Three South African universities have made it onto the score sheets of the inaugural subjects ranking of the Center for World University Rankings, or CWUR, published earlier this month.
The subject rankings feature the top universities in the world in 227 subjects covering all academic disciplines in the sciences and social sciences based on the number of research articles in top-tier journals.
Data for calculations includes journal citations from the Science Citation Index Expanded and the Social Sciences Citation Index databases. The rankings cover over 26,000 higher education institutions from around the world.
The South African universities include the University of the Witwatersrand, the University of Cape Town and the University of Pretoria.
Ornithology and area studies
The University of Cape Town came third in the top-10 for ornithology – the scientific study of birds – and fourth in area studies – an interdisciplinary field covering programmes such as history, political science, sociology, cultural studies, languages, geography and literature.
The CWUR is the world’s largest academic ranking of global universities and is headquartered in the United Arab Emirates.
University of Cape Town, or UCT, Deputy Vice-Chancellor for Research and Internationalisation Professor Mamokgethi Phakeng said in a statement that while the university was proud that its scholarship in those fields had been internationally recognised, the ranking had the effect of boosting the academic reputation of South Africa.
“UCT is very proud indeed that our scholarship in these fields has been internationally recognised. Having universities that rank globally (including other South African universities) benefits the country as a whole. It sends a message that the country’s higher education system is globally competitive,” said Phakeng.
Strong African voice
“The high ranking in these two fields demonstrates that African researchers can take the lead in helping to solve African problems, and also that they are bringing a strong African voice to global debates,” Phakeng said.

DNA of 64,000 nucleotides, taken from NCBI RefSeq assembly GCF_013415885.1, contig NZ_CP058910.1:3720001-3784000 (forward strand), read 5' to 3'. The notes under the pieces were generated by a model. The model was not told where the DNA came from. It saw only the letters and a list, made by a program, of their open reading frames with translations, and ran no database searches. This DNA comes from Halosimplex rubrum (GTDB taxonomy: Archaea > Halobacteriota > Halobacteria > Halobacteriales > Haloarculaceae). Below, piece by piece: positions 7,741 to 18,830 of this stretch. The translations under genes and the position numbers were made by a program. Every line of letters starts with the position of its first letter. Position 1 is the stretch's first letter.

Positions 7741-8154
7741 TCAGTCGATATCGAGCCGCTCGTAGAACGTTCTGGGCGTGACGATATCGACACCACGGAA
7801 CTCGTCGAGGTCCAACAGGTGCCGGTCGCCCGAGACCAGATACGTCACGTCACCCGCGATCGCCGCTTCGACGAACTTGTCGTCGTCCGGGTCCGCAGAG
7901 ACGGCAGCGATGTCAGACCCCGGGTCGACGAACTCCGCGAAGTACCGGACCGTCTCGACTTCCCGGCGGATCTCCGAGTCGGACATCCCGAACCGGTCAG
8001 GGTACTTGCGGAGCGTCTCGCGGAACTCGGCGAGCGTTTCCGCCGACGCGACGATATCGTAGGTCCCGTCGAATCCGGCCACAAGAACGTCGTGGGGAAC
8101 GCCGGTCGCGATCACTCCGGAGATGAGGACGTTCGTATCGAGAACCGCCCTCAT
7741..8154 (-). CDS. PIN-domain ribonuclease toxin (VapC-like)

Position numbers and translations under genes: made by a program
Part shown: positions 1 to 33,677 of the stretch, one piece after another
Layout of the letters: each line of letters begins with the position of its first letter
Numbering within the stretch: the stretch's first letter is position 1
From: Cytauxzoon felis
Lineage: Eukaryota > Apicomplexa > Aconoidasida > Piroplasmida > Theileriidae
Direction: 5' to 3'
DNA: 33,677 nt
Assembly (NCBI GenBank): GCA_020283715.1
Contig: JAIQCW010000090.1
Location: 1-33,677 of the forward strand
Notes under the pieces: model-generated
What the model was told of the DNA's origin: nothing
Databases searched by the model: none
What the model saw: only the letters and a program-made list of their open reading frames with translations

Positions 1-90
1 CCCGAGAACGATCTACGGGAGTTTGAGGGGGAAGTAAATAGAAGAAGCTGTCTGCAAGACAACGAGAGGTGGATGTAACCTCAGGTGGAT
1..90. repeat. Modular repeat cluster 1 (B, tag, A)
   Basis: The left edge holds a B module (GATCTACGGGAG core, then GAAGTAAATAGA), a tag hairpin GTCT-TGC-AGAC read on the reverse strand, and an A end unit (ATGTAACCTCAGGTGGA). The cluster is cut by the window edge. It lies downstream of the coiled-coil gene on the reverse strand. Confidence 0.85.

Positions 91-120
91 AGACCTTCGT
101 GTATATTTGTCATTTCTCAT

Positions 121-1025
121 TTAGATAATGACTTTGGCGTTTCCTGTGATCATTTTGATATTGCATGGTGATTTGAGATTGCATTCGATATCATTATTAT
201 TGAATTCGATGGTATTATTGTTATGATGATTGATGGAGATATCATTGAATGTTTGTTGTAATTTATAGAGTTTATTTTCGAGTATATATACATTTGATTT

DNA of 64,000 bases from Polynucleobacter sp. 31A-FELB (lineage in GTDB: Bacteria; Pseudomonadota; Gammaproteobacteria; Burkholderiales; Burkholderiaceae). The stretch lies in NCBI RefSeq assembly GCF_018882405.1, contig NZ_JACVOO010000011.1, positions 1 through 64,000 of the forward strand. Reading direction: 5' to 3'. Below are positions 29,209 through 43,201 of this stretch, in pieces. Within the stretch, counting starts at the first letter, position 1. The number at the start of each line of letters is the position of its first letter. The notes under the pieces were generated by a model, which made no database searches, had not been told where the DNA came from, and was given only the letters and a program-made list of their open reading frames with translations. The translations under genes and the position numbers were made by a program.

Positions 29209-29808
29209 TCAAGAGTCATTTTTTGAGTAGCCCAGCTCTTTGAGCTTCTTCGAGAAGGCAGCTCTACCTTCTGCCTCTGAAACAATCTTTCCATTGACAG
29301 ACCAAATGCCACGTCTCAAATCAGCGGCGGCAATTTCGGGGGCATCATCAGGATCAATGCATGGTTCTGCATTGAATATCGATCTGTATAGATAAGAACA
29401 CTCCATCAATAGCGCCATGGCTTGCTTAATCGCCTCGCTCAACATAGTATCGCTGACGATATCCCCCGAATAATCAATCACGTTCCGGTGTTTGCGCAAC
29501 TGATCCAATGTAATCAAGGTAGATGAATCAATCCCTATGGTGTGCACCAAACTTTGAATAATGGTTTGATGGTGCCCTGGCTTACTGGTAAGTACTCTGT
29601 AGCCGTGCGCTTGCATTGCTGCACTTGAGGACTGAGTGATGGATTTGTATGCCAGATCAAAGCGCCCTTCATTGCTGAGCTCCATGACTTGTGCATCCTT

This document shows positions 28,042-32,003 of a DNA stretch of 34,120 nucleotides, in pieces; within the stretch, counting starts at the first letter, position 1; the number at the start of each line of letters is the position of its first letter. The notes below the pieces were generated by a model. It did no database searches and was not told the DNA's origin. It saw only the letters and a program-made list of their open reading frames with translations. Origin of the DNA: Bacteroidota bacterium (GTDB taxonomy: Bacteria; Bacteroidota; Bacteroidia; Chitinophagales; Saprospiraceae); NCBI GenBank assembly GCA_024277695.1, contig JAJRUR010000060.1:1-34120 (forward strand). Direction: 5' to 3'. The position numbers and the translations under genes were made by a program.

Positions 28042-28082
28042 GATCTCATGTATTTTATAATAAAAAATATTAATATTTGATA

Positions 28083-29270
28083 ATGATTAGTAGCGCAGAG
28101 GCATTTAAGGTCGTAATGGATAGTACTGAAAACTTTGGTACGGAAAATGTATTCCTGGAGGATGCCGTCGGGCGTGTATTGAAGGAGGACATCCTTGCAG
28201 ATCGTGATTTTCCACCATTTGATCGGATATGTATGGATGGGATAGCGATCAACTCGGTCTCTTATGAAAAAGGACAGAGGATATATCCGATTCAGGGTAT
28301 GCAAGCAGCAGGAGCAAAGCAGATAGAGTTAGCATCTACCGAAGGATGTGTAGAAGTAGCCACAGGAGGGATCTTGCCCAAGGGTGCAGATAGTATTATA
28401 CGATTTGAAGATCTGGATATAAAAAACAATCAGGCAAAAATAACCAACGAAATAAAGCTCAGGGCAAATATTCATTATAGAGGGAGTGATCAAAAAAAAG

The University of Pretoria was ranked second in the top-10 institutions offering mycology, which is the study of fungi.
The University of the Witwatersrand was ranked fifth in anthropology and second in area studies.
According to CWUR President Dr Nadim Mahassen, the subject rankings are intended to help students, academics, university administrators and government officials from around the world “identify the leading degree-granting institutions of higher education in a particular subject”.
Mahassen said African universities should invest more in research if they aspire to be more competitive globally.
A total of 36 countries are represented in the rankings and 365 out of more than 25,000 degree-granting institutions achieved at least one top-10 listing, led by Harvard University with 112 top-10 placements, including 72 first places.
Universities from the United States, China, United Kingdom and Canada topped the subjects ranking with the US accounting for 45% of the top-10 institutions, followed by China with 13%, the United Kingdom with 10%, Canada with 5% and the Netherlands with 4%. Australia had 3%, Japan 2%, Singapore 2%, France 2% and Germany 1%.
Receive UWN's free weekly e-newsletters